In Galatians, the apostle re-emphasizes:

“For ye are all the children of God by faith in Christ Jesus.” (Galatians 3:26)

In the Psalms we see another aspect of the Father’s graciousness:

“Like as a father pitieth his children, so the LORD pitieth them that fear him.” (Psalms 103:13)

Barnes' Notes on the Bible explains more about the Father and His compassion for them that fear Him:

“Like as a father pitieth his children - Hebrew, “Like the compassion of a father for his children.” See the notes at Matthew 7:7-11. God often compares himself with a father, and it is by carrying out our ideas of what enters into the parental character that we get our best conceptions of the character of God. See the notes at Matthew 6:9. That which is referred to here, is the natural affection of the parent for the child; the tender love which is borne by the parent for his offspring; the disposition to care for its needs; the readiness to forgive when an offence has been committed. Compare Luke 15:22-24. Such, in an infinitely higher degree, is the compassion - the kindness - which God has for those that love him.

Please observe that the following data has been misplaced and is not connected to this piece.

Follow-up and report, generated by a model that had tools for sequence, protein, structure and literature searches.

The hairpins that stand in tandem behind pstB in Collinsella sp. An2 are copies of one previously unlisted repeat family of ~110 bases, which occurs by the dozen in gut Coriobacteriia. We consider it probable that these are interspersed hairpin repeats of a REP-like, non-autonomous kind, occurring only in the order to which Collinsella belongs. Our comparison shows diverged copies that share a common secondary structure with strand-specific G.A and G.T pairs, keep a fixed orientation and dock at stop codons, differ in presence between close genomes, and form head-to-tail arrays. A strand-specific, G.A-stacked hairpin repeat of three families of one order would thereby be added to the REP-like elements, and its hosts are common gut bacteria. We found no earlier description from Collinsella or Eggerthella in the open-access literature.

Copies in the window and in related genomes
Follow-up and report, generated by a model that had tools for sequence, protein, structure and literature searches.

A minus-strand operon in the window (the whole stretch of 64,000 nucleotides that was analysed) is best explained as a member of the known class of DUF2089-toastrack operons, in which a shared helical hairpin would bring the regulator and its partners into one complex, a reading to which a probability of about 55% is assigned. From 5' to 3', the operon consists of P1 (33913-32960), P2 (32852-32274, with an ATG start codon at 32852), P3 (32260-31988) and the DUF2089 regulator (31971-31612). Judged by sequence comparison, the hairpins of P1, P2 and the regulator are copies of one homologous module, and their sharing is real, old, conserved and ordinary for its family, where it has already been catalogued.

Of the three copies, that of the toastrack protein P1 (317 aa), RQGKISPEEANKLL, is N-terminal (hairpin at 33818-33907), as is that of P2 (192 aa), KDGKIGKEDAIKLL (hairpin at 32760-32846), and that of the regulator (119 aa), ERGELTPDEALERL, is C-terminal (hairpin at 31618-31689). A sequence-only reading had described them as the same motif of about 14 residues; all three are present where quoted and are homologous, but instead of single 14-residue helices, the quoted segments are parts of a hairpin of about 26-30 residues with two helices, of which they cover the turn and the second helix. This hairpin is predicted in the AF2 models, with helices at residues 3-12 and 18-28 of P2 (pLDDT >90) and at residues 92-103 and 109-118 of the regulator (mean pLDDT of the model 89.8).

So the Lord pitieth them that fear him - He has compassion on them. He exercises toward them the paternal feeling.” (3)

Accompanying Scriptures:

“That ye may be blameless and harmless, the sons of God, without rebuke, in the midst of a crooked and perverse nation, among whom ye shine as lights in the world.” (Philippians 2:15) 

Paul in Philippians, speaks of our calling as sons of God to be witnesses of His grace by being “lights in the world.”

“That being justified by his grace, we should be made heirs according to the hope of eternal life.” (Titus 3:7)

This next passage from 1st John certainly encapsulates or summarizes the previous passages of Scripture we have consulted so far as a summary: